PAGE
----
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The View from Mary's Farm

The View from Mary's Farm - On The Pond January 2016

January 17, 2016

My grandfather, who we called Bim, loved to skate. He loved to do anything outdoors. He climbed the Matterhorn, surfed in Honolulu, and did back flips off the high diving board up until he was in his seventies. But his enduring love was pond hockey. I was just little but going out to the pond near his house to watch him play with the young men of the neighborhood was a clear memory and always a thrill. He was like a magnet, a big man who arrived at the pond with his skates and hockey stick, a puck in his pocket. He wore a cardigan sweater over a flannel shirt, a necktie, and a hat with ear flaps hanging loose, mad bomber style. His pants were big and roomy and his leather gloves gripped his stick.
As soon as Bim got his skates laced, the boys would come out of the rushes as if a whistle had been blown. With a shovel, he would skate-clean the ice and a couple of goals would be created using bushel baskets. I liked watching him churn down the ice, boys chasing. I got a certain giggly thrill out of seeing him outskate the boys who swarmed around him as he slapped the puck into the goal.
These Saturday games were not particularly regular but once the word went out, a small crowd would gather to watch the competition. A couple of boards balanced on a couple of rocks made good-enough bleachers and that’s where I would be along with my sister and our mother. Teams, I think, were four on four or, I seem to remember, one boy and my grandfather against four others. I also seem to remember that my grandfather always won. But that could be my untarnished memory of the man.
An early photograph captured my sister and me on either side of our smiling grandfather, skating on the pond. We were probably five and six. Bim is holding his hockey stick, my sister gripping one end of the stick and me on the other. I’m pretty sure this is how we learned to skate. He’d skate between and coach us as we glided along. We learned to balance on our figure skates and how to stroke the ice with the blades as we moved forward. A better way to learn was just to watch him skate. With the grace of a swan, he’d slide forward and then swirl back, creating sprays of ice dust in his wake. He would skate furiously from one end of the pond to the other, crossing one foot over the other to gain speed. And then he would turn and skate backwards, his two hands clasped behind his back, easy as pie. For Bim, nothing on ice seemed like an effort; it was all sheer joy. Skating was something we could do together on a cold winter’s day. The pond always felt like it was our own, the ice carved out of the vast frozen tundra just for us.
My grandfather was a modern man, a man who would likely embrace every innovation of this post-modern age. He owned the first car in his town (a 1908 Buick), the first pair of skis, and if he were here today, he would likely have an Apple watch on his wrist, looking up the secrets of the universe while he skated backwards. It was only a few years after my sister and I wobbled around, hanging on to his hockey stick, that Bim died. We were all in disbelief. He was everybody’s patriarch, everybody’s hero. We thought he would live forever and continue to teach us and outskate us. Maybe he still is doing that.

Selected Works

Articles
In 1992, the Bishop of Worcester condemned St. Joseph's Catholic Church and ordered it closed. The parishioners refused to leave, sleeping on cots and on the hard pews. For thirteen months this was their life. In July of 1993, they were removed by the police. In many ways this was the blossoming of their faith. Originally published in Yankee Magazine in November 1993.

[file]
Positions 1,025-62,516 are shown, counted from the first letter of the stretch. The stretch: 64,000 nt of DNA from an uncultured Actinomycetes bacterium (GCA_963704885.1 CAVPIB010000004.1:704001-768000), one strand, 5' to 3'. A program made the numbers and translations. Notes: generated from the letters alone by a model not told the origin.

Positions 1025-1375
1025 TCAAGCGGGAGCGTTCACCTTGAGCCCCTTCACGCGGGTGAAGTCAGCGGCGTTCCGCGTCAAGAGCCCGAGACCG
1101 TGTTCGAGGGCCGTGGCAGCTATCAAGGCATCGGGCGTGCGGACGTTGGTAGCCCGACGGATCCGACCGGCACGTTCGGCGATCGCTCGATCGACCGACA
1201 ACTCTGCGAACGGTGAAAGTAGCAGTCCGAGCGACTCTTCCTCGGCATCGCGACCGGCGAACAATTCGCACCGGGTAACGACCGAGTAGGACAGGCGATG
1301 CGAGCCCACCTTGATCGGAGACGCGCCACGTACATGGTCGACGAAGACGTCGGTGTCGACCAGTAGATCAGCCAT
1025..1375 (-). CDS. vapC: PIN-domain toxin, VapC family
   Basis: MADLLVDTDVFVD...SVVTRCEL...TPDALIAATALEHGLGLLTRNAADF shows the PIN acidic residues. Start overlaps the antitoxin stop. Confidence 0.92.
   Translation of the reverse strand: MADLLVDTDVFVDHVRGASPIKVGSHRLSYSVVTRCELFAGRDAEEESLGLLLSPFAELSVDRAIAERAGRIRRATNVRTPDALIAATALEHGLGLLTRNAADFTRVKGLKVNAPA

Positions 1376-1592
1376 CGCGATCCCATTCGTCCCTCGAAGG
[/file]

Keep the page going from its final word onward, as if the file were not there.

Growing up, nothing I could do seemed to please my mother and nothing she said made sense to me. But when my mother, on the threshold of death, came to live with me, I found what seemed to have been lost forever. Originally published in Yankee Magazine, May 1995
(The follow-up article to Miracle at St. Joseph's.) The Bishop turned to them and said, "Your prayers have been answered, the hard hearts have softened." Originally published in Yankee Magazine, December 1996
A reflection on the power of cooking and friendship and the concept of family. Originally published in Yankee Magazine, November/December 2007
Memorial Day, Harrisville, New Hampshire 1995. Originally published in Yankee Magazine, May 1996
My Articles
Libraries occupy a special place in the heart of a town. Evening events at the library give a strong sense of community and make it seem like a great place to live. And in the wake of the online revolution small town libraries have found a way to not only survive but to be indispensable.
In December 2008 an epic ice storm left virtually the entire state of New Hampshire without power. The residual effects of that storm paralyzed the Monadnock Region almost through Christmas. A first person account.
In 1994, sixteen-year-old Billy Best was diagnosed with Hodgkin's Disease. After several treatments, he ran away to avoid chemotherapy. What happened after that may have been a miracle.
Roxanne Quimby once lived primitively in the Maine woods. Today she owns 90,000 acres of those woods, and her goal is to create a national park to preserve the landscape forever. So why do so many people wish she'd just go away?
Multi-million dollar border stations are rising along our line between US and Canada. What was once the "friendliest border" has become deadly serious.
Renowned short story writer, Andre Dubus, reflects on the accident that cost him his legs.
A trip to Poland discovers a beloved family friend
An elegy for the master of the short story.
Fall comes to The County
Thousands seek healing from this innocent, comatose child.
A complete listing of articles published since 1978
Fiction
An encounter with a sick fox brings a young woman to the heart of her grief